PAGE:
The science of obesity: what do we really know about what makes us fat? An essay by Gary TaubesBMJ 2013; 346 doi: https://doi.org/10.1136/bmj.f1050 (Published 16 April 2013) Cite this as: BMJ 2013;346:f1050
- Gary Taubes, co-founder
- 1Nutrition Science Initiative, San Diego, California, USA
Since the 1950s, the conventional wisdom on obesity has been simple: it is fundamentally caused by or results from a net positive energy balance—another way of saying that we get fat because we overeat. We consume more energy than we expend. The conventional wisdom has also held, however, that efforts to cure the problem by inducing undereating or a negative energy balance—either by counselling patients to eat less or exercise more—are remarkably ineffective.
Put these two notions together and the result should be a palpable sense of cognitive dissonance. Take, for instance, The Handbook of Obesity, published in 1998 and edited by three of the most influential authorities in the field. “Dietary therapy,” it says, “remains the cornerstone of treatment and the reduction of energy intake continues to be the basis of successful weight reduction programs.” And yet it simultaneously describes the results of such dietary therapy as “poor and not long-lasting.”1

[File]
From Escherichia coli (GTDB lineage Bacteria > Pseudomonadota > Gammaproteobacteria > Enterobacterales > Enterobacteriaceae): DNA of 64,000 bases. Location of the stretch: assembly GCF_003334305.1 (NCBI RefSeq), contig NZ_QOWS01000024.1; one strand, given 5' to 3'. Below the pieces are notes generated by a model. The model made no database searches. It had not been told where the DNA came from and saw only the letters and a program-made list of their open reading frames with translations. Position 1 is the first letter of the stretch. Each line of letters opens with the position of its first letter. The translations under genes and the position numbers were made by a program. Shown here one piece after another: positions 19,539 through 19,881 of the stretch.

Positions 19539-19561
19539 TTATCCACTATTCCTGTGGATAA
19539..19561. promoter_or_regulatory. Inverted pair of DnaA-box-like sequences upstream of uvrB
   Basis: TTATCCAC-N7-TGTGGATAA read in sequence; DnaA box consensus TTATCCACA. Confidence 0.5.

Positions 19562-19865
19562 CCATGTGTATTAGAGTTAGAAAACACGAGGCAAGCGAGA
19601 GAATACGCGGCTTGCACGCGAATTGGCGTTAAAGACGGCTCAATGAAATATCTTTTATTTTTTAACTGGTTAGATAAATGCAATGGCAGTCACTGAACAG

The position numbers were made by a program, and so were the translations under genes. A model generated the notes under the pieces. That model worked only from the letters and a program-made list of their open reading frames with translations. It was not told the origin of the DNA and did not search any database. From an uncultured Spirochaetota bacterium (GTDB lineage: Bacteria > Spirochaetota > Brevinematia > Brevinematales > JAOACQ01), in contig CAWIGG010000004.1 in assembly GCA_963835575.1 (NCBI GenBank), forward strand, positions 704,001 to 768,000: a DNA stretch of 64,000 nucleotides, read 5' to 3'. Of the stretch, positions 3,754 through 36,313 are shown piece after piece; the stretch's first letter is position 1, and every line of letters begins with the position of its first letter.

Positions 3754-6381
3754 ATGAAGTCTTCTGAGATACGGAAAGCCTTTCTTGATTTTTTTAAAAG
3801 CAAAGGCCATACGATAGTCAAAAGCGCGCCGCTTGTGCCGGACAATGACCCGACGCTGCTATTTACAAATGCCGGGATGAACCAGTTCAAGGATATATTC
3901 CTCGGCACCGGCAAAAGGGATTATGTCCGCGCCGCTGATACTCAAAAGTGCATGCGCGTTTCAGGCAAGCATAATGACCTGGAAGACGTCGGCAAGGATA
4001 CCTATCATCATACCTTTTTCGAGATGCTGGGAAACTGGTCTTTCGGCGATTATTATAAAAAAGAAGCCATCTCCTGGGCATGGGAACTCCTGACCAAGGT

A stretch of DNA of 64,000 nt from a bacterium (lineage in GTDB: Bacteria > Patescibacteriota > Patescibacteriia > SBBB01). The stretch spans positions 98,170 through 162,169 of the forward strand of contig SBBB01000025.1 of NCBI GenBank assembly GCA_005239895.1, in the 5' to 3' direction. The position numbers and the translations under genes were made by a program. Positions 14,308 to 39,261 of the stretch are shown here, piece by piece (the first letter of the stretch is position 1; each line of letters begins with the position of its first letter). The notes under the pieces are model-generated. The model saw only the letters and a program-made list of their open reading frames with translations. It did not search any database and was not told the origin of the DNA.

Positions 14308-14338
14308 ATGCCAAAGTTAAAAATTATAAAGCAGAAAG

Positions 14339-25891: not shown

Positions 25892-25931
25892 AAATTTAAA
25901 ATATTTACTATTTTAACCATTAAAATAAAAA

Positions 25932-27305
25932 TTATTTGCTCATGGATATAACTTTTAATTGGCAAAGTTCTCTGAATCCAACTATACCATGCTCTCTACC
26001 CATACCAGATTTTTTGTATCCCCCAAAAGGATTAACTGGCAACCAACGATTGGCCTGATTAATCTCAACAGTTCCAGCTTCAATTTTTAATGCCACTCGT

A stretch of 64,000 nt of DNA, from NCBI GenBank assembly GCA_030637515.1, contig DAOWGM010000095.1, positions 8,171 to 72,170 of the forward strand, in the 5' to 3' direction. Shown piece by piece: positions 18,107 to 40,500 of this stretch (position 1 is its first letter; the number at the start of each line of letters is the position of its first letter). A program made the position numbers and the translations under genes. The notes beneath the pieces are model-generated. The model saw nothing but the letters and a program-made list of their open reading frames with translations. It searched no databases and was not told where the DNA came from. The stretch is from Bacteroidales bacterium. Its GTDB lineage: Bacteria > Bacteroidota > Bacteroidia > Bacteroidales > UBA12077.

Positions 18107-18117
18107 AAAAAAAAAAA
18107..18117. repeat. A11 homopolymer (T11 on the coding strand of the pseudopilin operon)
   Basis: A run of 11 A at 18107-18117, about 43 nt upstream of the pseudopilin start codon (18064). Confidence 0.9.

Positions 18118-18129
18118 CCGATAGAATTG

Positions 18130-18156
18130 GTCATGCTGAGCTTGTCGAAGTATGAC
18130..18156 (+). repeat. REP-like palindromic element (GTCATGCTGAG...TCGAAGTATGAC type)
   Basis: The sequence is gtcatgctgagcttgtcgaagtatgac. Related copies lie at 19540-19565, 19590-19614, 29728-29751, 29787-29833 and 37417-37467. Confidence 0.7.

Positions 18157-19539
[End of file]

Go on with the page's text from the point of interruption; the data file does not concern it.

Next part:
Rather than resolve this dissonance by questioning our beliefs about the cause of obesity, the tendency is to blame the public (and obese patients implicitly) for not faithfully following our advice. And we embrace the relatively new assumption that obesity must be a multifactorial and complex disorder. This makes our failures to either treat the disorder or rein in the burgeoning epidemics of obesity worldwide somehow understandable, acceptable.
Another possibility, though, is that our fundamental understanding of the aetiology of the disorder is indeed …
Log in using your username and password
Log in through your institution
Register for a free trial to thebmj.com to receive unlimited access to all content on thebmj.com for 14 days.
Sign up for a free trial